‘Genital mutilation of a child through reassignment surgery is child abuse, subject to all rules and procedures pertaining to child abuse,’ the head of the Texas Department of Family and Protective Services said Wednesday.

By Raymond Wolfe
Article Source

The Texas Department of Family and Protective Services (DFPS) has declared that performing transgender surgeries on children constitutes child abuse and could lead to prosecution.

“Genital mutilation of a child through reassignment surgery is child abuse, subject to all rules and procedures pertaining to child abuse,” DFPS commissioner Jaime Masters wrote Wednesday in a letter to Republican Gov. Greg Abbott. The governor had asked Masters last week to review whether transgender surgeries could be classified as abuse against minors.

“As you have described, this surgical procedure physically alters a child’s genitalia for non-medical purposes potentially inflicting irreversible harm to children’s bodies,” Masters wrote to Abbott. “Generally, children in the care and custody of a parent lack the legal capacity to consent to surgical treatments, making them more vulnerable.”

Professionals with “cause to believe” that a child has suffered abuse are obliged under Texas law to contact DFPS within two days after first suspecting abuse, Masters continued. “Failure to report is a Class A misdemeanor punishable by up to one year in jail, a fine of up to $4,000, or both,” he said, adding that intentionally concealing child abuse is a jail felony.

“Finally, allegations involving genital mutilation of a child through reassignment surgery will be promptly and thoroughly investigated and any appropriate actions will be taken,” Masters said.

Gov. Abbot said Wednesday on Twitter that the department’s directive and “subsequent enforcement” are “effectively immediately.”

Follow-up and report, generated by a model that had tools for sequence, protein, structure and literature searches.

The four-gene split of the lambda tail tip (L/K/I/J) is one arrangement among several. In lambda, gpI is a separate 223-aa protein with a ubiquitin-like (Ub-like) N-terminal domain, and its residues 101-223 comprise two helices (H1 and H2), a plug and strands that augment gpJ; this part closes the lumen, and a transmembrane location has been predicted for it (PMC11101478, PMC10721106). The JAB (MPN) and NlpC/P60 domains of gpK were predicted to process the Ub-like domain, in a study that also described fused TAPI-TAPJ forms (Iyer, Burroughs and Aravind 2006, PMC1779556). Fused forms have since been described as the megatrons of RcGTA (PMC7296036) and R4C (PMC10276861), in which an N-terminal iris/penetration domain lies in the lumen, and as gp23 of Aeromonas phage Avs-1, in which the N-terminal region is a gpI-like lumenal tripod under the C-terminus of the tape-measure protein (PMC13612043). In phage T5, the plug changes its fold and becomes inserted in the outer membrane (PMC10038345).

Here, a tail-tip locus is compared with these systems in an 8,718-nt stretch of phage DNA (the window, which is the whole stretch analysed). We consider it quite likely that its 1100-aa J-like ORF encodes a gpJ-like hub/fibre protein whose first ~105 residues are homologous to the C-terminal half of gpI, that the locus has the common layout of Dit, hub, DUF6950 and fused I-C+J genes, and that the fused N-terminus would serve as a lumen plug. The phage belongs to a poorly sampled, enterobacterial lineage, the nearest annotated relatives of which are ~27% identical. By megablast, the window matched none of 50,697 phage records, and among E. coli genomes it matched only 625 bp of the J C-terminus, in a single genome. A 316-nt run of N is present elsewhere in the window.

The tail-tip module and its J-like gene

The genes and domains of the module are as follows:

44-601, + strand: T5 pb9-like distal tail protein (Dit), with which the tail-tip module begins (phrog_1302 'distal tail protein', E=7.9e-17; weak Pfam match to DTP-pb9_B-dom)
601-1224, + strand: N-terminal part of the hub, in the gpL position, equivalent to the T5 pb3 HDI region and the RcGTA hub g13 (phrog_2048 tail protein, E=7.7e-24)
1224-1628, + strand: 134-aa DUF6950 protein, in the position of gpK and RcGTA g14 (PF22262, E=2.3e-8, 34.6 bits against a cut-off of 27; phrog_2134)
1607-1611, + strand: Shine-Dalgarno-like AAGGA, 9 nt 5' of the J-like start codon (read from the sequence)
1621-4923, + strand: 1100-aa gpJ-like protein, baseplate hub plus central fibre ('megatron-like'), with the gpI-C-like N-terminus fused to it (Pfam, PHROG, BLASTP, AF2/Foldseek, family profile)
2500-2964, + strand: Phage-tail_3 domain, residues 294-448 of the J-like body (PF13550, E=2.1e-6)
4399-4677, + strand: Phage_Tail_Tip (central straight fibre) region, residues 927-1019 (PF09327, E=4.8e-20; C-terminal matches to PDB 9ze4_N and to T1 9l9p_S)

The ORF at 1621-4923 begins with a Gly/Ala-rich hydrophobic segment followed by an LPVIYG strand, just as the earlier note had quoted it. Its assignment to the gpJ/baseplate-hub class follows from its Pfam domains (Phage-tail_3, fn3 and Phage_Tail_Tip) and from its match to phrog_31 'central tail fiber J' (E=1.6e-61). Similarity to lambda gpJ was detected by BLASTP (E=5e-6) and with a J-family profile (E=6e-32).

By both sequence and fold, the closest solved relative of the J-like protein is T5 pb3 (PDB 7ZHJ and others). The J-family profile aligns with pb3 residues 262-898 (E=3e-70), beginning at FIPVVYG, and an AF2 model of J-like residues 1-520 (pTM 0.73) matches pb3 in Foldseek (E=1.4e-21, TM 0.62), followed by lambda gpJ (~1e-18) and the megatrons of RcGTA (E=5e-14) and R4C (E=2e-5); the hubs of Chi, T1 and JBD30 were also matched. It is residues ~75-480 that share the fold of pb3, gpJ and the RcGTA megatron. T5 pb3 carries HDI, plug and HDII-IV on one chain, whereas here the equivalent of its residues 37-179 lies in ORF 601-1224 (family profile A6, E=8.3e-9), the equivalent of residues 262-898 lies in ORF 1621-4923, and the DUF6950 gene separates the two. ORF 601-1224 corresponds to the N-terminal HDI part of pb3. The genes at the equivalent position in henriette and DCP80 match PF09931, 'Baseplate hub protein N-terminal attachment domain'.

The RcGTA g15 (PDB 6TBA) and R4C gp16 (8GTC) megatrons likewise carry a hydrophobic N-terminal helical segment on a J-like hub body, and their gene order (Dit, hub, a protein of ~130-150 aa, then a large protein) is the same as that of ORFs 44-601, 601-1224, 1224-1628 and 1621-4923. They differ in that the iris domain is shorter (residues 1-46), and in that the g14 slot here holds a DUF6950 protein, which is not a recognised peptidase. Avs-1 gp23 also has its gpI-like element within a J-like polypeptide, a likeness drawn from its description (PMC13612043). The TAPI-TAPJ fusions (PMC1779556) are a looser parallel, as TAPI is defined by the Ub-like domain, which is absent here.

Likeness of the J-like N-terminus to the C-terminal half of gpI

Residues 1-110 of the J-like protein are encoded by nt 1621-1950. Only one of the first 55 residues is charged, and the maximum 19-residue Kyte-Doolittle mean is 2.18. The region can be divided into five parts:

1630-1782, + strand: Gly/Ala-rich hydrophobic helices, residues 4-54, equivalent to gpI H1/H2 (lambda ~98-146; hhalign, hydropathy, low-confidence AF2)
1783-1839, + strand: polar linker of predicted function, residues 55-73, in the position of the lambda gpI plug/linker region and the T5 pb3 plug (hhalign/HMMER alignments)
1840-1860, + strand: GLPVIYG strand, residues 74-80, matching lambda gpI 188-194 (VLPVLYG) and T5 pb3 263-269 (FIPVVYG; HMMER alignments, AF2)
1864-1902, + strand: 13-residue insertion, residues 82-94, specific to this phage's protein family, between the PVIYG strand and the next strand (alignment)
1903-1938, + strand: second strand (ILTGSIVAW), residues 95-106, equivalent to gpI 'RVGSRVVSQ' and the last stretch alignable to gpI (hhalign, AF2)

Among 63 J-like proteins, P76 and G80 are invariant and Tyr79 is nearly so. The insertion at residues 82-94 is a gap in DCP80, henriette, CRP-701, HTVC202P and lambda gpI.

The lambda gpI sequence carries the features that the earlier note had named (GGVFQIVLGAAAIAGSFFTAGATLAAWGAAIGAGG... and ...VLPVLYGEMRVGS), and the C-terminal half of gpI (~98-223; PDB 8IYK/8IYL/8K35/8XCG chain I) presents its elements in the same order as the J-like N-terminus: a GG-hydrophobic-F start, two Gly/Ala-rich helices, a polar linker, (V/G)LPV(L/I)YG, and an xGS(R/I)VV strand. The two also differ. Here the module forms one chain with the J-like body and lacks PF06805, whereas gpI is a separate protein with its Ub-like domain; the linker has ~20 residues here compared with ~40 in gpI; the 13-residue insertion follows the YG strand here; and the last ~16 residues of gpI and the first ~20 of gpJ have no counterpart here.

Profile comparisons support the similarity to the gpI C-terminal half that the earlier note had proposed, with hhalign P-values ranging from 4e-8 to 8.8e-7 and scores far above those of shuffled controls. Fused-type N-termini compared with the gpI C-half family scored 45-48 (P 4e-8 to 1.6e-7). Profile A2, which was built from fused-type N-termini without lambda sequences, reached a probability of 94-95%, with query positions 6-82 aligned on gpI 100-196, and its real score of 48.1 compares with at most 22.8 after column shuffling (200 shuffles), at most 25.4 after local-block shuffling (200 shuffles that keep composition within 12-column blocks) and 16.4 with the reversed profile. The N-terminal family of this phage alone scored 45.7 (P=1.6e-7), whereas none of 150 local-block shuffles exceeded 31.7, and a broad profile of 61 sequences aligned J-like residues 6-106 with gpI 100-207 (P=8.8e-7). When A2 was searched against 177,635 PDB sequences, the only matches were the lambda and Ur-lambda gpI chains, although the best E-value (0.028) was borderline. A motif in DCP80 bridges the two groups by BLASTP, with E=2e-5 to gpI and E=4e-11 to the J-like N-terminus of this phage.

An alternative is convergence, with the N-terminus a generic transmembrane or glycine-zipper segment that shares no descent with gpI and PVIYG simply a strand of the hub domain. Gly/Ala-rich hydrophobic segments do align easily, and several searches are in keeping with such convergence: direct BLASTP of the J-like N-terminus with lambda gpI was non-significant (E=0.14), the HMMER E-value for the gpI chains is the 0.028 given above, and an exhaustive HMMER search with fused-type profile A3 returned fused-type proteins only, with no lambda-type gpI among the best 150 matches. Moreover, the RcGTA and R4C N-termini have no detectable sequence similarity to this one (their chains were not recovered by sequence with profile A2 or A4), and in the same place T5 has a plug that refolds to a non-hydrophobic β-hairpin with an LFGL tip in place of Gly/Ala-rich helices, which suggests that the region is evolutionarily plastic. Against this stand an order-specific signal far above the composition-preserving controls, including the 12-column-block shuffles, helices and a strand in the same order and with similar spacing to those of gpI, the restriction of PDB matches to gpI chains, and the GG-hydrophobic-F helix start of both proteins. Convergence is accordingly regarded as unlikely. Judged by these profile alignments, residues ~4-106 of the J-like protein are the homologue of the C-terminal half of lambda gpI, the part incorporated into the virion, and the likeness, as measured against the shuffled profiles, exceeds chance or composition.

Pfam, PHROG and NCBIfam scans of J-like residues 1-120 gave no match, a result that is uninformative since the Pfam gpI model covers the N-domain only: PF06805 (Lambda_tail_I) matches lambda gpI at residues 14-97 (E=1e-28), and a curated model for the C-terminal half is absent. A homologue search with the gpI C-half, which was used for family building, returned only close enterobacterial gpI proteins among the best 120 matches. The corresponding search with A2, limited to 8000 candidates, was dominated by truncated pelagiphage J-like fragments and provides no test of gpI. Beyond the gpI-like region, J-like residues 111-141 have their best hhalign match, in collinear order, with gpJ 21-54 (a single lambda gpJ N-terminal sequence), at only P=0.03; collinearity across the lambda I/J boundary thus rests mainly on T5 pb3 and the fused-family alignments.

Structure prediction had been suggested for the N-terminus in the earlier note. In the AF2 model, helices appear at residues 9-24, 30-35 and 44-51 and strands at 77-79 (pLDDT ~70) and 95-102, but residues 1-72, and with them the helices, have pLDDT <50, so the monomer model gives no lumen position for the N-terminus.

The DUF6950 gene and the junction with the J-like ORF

In a letter last Friday, Abbott called on DFPS to make a determination on whether “genital mutilation of a child for purposes of gender transitioning” constitutes child abuse. “Subjecting a child to genital mutilation through reassignment surgery creates a ‘genuine threat of substantial harm from physical injury to the child,’” he wrote.

Abbott said that the “definition of ‘abuse’ should cover a surgical procedure that will sterilize the child, such as orchiectomy or hysterectomy, or remove otherwise healthy body parts, such as penectomy or mastectomy.” The state already bans genital mutilation of girls, he noted.

The Abbott administration’s effective ban on mutilating transgender surgeries for kids comes after multiple bills to prohibit the devastating, medically unfounded procedures failed in the Texas legislature this year. Legislation passed by state senators that would have barred both transgender surgeries and drugs for minors ultimately died in the Texas House during the regular session, despite the backing of dozens of co-sponsors.

Gov. Abbott has so far not moved to restrict experimental transgender drugs, like puberty blockers and cross-sex hormones, and has declined to include the issue in his agendas for special legislative sessions that he has called in recent weeks.

Surgical mutilation of minors with gender dysphoria has been documented across the U.S. in recent years. A pro-transgender study published in 2018 featured more than thirty girls under eighteen subjected to mastectomies for gender dysphoria. California even requires private insurers to cover underage transgender procedures, according to the faith-based Colson Center.

Texas’s crackdown on child abuse comes amid new developments in the case of James Younger, an eight-year-old Texas boy conceived via in vitro fertilization, whose non-biological mother is suing for the right to subject him to “gender transitioning.” A family court judge last week granted the mother full custody of James, though his father, who opposes “transitioning” his son, must still sign off any transgender drugs or surgeries.

Masters’ directive makes Texas the third state to take action against transgender procedures for minors this year, following Arkansas and Tennessee. Florida Gov. Ron DeSantis said in June that he is interested in enacting similar measures.

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